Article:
What You Need to Know if Court Papers are Served Incorrectly
Anytime a civil, or sometimes criminal, case is filed in Florida, the documents related to that case must be properly served to the named litigants and witnesses in the case to notify them of their mandatory upcoming appearance. This is not just a requirement of the state of Florida, but it is a guaranteed right provided in the U.S. Constitution. This notification gives the defendants and witnesses named in the case time to adequately prepare their defense and/or testimony. Without this notification, the legal process could not operate fairly for all parties involved.
But what if those court documents, known as process, are not delivered, or served, correctly? What implications could improper service of process have for your court case? In this post, we’ll explore the possible consequences of different improper service of process scenarios in Florida.
Served the Wrong Person
It is essential for the process server to confirm the identity of the person to which they are handing off the process documents. Defendants (and sometimes even witnesses) who do not want to proceed with a legal case may have another person claim to be them to receive the process, then later use this as grounds for having the case delayed since the process must be reserved. Verify a process recipient’s identity with a state-issued ID if possible. If that isn’t possible, using a verified photo of the individual along with contextual clues from the surroundings can also work. Never rely on a person’s word alone that they are the intended recipient of the process.
Lying About Service
This is a big one. If a process server is caught lying about serving a process recipient, the server can be barred from serving process in the state of Florida permanently, according to Florida Statutes Chapter 48.31. In addition, the defense could use the dishonestly as grounds to request that the entire case to be dismissed. At a minimum, the judge will order that the process be properly served to the named litigants and witnesses, causing delay and extra expense.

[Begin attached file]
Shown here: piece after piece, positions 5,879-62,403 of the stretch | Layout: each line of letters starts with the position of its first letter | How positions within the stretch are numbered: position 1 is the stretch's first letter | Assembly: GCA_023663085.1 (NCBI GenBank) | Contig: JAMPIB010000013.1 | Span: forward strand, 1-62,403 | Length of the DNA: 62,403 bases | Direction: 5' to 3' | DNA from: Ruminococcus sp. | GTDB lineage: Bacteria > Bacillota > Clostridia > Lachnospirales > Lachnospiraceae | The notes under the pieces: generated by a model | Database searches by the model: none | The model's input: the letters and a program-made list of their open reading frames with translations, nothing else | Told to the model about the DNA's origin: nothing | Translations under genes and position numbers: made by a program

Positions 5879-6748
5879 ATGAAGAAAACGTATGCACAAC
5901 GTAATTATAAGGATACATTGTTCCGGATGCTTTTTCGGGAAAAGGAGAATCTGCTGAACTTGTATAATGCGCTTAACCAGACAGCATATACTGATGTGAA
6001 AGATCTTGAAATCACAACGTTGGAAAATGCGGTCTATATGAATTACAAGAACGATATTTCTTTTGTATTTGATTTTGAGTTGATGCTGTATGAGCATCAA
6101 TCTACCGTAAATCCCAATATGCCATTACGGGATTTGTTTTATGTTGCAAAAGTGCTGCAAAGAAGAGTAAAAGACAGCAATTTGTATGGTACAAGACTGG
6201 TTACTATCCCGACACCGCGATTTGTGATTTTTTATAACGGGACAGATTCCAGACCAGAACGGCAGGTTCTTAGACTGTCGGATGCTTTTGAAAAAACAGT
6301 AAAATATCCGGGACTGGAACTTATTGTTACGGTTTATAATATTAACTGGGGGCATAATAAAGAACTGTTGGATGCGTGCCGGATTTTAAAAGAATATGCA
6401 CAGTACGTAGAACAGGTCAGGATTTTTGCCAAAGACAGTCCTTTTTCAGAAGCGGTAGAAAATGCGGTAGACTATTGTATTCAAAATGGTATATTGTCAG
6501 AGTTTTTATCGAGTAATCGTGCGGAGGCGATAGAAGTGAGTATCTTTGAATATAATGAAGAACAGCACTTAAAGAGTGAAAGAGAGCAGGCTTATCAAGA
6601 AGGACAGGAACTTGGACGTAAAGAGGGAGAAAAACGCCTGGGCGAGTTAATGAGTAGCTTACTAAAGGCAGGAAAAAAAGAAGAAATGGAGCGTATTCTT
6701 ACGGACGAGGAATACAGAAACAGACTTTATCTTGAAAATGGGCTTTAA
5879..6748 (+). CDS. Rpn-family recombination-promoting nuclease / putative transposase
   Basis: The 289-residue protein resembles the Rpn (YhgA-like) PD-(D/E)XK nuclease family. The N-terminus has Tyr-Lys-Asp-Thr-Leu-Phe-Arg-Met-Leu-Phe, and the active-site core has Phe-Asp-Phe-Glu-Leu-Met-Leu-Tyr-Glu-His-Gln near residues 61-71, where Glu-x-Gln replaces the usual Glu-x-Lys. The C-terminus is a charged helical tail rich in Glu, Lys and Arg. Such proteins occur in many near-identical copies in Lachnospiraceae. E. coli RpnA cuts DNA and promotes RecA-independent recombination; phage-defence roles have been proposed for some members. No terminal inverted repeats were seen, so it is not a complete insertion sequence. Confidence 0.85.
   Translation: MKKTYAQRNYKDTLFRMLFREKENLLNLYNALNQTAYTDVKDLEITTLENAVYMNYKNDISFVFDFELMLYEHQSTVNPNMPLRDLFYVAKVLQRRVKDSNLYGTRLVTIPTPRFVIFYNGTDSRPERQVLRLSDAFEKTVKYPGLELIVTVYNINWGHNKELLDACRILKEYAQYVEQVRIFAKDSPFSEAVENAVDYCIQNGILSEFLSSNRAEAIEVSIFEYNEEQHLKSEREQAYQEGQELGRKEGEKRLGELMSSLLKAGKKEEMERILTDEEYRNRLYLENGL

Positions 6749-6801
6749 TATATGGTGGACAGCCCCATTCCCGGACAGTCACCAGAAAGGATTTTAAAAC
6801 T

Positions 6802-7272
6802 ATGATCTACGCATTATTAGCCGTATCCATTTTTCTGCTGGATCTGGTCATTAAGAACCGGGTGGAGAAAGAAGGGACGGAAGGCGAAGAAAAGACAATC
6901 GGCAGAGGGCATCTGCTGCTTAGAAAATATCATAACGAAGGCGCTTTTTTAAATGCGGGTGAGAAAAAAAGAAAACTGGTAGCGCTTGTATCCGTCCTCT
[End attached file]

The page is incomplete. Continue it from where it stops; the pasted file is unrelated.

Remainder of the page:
No Proof of Service
While it is not required to file proof of service with a court in Florida, and not filing proof of service does not affect the validity of the service, it is required for process servers to complete and maintain proof of service in their own records in case a judge requests it. If a judge requests proof of service and the process server cannot provide it, the process will have to be reserved, causing delay and expense.
Giving Legal Advice
Process servers are not allowed to provide legal advice to process recipients or customers under any circumstances. Giving legal advice is the job of attorneys and sometimes court employees, but a process server has no authority to do so. Giving legal advice can cause the service to be deemed invalid, which means the process will need to be reserved. If the server is caught giving legal advice multiple times, they may be disciplined by the county, judicial circuit, or even the state of Florida.
Breaking the Law During Service
A process server is never allowed to break the law while serving process, including trespassing, breaking & entering, larceny, communicating threats, assault, and battery. If a process server is caught violating the law in any way, they will be fully responsible for any resulting criminal or civil charges. In addition, the service will be deemed invalid, and the process must be reserved.
Trust Accurate Serve® for Valid Service of Process, Every Time
If you don’t want to worry about the process for your cases being served improperly, then make the call to Accurate Serve® of Plantation, Miami, West Palm Beach, and Key West at (954) 299-1552 or send us a work request online. Our servers know all the rules about the serving process here in Florida, so an incorrect service of process will never derail your case.